Because vaso-occlusion involves a variety of processes, including pain and inflammation, combination therapy might be the best way to reduce its effects. But, Telen says, “we are hugely far away from that”, and notes that developing such a cocktail is daunting for a rare disease with little funding.

Fetal inspiration

The only therapy currently approved to treat sickle-cell disease, hydroxycarbamide, acts in a different way from the drugs being developed. Rather than treating the acute pain of vaso-occlusive crises, hydroxycarbamide prevents long-term consequences of the disease primarily by stimulating production of the fetal form of haemoglobin. This molecule is the dominant form at birth but is present only in very small amounts by the time a child is one year old. It functions like adult haemoglobin but, because it is produced by a different gene, is unaffected by the sickle-cell mutation.

Our goal is to reactivate the fetal haemoglobin gene.

So researchers are investigating other drugs that stimulate fetal haemoglobin. Some are new agents and others have already been FDA-approved for treatment of unrelated conditions. These include pomalidomide, a drug used against multiple myeloma, and decitabine, a drug used for a type of bone-marrow cancer. In each case, says Pace, “our goal is to reactivate the fetal haemoglobin gene, or to keep it active, if you treat a very young child”.

Beyond finding potential drug treatments, a major hurdle in getting promising therapies tested and approved is patient recruitment. Several clinical trials have stopped altogether because of low enrolment. “We're still trying to figure out different ways to overcome the problem,” says Carlton Haywood, a bioethicist specializing in sickle-cell disease at Johns Hopkins University in Baltimore, Maryland. Studies suggest that the reasons why so few patients with sickle cell in the United States participate in clinical trials include a lack of trust in the medical establishment, either because of a history of discrimination or because of poor experiences in their own medical care, and parental unwillingness to expose children to an experimental drug.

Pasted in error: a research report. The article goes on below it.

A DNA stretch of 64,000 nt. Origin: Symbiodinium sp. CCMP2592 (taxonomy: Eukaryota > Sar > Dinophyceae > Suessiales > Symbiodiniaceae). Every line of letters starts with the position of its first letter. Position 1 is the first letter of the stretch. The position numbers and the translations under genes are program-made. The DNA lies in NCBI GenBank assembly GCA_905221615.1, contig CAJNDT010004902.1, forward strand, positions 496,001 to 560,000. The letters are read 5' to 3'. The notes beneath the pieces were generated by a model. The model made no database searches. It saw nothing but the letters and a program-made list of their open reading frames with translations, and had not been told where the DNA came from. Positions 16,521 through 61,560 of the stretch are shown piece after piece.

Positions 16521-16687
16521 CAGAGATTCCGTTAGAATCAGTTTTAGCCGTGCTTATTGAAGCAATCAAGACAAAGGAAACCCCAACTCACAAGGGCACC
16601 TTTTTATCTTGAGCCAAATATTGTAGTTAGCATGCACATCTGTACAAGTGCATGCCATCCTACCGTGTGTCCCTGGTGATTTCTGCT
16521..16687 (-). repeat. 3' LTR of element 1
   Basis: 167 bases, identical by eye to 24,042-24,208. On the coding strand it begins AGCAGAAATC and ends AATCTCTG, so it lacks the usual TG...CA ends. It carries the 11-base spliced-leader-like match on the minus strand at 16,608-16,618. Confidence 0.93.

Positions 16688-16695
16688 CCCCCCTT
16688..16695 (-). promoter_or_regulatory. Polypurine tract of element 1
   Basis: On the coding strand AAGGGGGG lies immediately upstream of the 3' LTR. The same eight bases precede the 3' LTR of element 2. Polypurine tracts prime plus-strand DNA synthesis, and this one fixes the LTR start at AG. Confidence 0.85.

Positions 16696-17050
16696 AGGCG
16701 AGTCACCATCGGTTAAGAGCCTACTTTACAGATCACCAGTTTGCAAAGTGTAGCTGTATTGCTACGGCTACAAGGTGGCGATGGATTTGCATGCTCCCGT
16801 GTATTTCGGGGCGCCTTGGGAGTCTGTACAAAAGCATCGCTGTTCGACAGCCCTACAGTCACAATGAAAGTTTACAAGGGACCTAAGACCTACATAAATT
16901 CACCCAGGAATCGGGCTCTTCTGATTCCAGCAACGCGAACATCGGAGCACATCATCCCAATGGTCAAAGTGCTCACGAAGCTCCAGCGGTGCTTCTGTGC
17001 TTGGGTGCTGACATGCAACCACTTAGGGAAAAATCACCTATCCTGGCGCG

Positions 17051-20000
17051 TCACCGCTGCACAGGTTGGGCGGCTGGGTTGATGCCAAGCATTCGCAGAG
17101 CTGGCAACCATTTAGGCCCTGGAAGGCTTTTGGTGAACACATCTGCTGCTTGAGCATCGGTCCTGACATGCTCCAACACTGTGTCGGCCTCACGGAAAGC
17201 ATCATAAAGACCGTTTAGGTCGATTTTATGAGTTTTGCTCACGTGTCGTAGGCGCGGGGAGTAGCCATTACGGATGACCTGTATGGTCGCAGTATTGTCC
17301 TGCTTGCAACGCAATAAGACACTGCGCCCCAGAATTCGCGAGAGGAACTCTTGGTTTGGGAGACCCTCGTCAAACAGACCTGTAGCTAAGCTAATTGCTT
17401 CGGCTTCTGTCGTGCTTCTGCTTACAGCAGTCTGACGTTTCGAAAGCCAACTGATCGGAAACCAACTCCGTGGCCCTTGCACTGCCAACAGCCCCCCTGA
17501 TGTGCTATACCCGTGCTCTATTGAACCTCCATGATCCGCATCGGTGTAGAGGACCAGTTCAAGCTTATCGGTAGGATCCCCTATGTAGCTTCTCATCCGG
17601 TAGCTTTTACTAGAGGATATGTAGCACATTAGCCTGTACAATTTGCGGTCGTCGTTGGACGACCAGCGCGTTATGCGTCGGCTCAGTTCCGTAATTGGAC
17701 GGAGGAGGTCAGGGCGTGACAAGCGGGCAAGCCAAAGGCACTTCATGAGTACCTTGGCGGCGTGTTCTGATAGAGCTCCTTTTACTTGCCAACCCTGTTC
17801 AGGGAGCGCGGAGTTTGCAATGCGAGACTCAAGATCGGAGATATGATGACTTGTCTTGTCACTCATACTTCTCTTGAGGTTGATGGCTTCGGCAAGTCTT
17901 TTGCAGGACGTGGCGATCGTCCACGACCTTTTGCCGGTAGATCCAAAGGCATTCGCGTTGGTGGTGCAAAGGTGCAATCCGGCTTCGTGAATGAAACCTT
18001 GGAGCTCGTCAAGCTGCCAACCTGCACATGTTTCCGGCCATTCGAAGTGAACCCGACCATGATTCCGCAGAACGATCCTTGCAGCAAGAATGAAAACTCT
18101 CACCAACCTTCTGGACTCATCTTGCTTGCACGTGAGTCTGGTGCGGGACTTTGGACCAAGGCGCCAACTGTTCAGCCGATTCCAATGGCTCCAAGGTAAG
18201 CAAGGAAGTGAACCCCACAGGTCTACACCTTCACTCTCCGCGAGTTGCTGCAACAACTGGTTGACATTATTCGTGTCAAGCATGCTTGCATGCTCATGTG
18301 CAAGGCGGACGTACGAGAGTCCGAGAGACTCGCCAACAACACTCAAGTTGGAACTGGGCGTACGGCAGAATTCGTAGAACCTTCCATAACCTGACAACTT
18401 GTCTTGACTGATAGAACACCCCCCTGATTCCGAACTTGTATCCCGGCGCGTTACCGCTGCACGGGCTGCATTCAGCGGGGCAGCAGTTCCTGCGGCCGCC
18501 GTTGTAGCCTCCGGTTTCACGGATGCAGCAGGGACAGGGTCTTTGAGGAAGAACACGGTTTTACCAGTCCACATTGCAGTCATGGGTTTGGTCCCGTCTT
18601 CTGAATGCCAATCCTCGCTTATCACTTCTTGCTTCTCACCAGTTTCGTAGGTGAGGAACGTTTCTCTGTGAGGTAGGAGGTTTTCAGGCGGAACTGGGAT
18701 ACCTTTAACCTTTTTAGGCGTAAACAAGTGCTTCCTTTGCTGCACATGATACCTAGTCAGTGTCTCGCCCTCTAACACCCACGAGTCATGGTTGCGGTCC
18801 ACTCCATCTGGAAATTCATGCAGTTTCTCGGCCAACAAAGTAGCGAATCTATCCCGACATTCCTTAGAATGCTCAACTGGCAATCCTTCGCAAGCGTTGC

But Haywood, who has sickle-cell disease, adds that it is also important for researchers to examine institutional factors that prevent enrolment, such as study designs that exclude too many people because of medical complications or if they have other diseases. Also, because the disease already causes people to take time off work or school, “factors like providing child care or transportation could make research participation less of a burden”. And he has found that people with sickle cell in the United States, most of whom are African-American, also report racial or ethnic discrimination in the health-care system, and it is primarily US patients who are being recruited to sickle-cell drug trials.

Haywood believes that researchers should focus on helping patients feel more engaged in clinical research. “We should feel like we're an important part of the process”, he says — something that is particularly important when the pool of potential subjects is already so small. Ultimately, even the most promising treatments will not advance without patients willing to test them.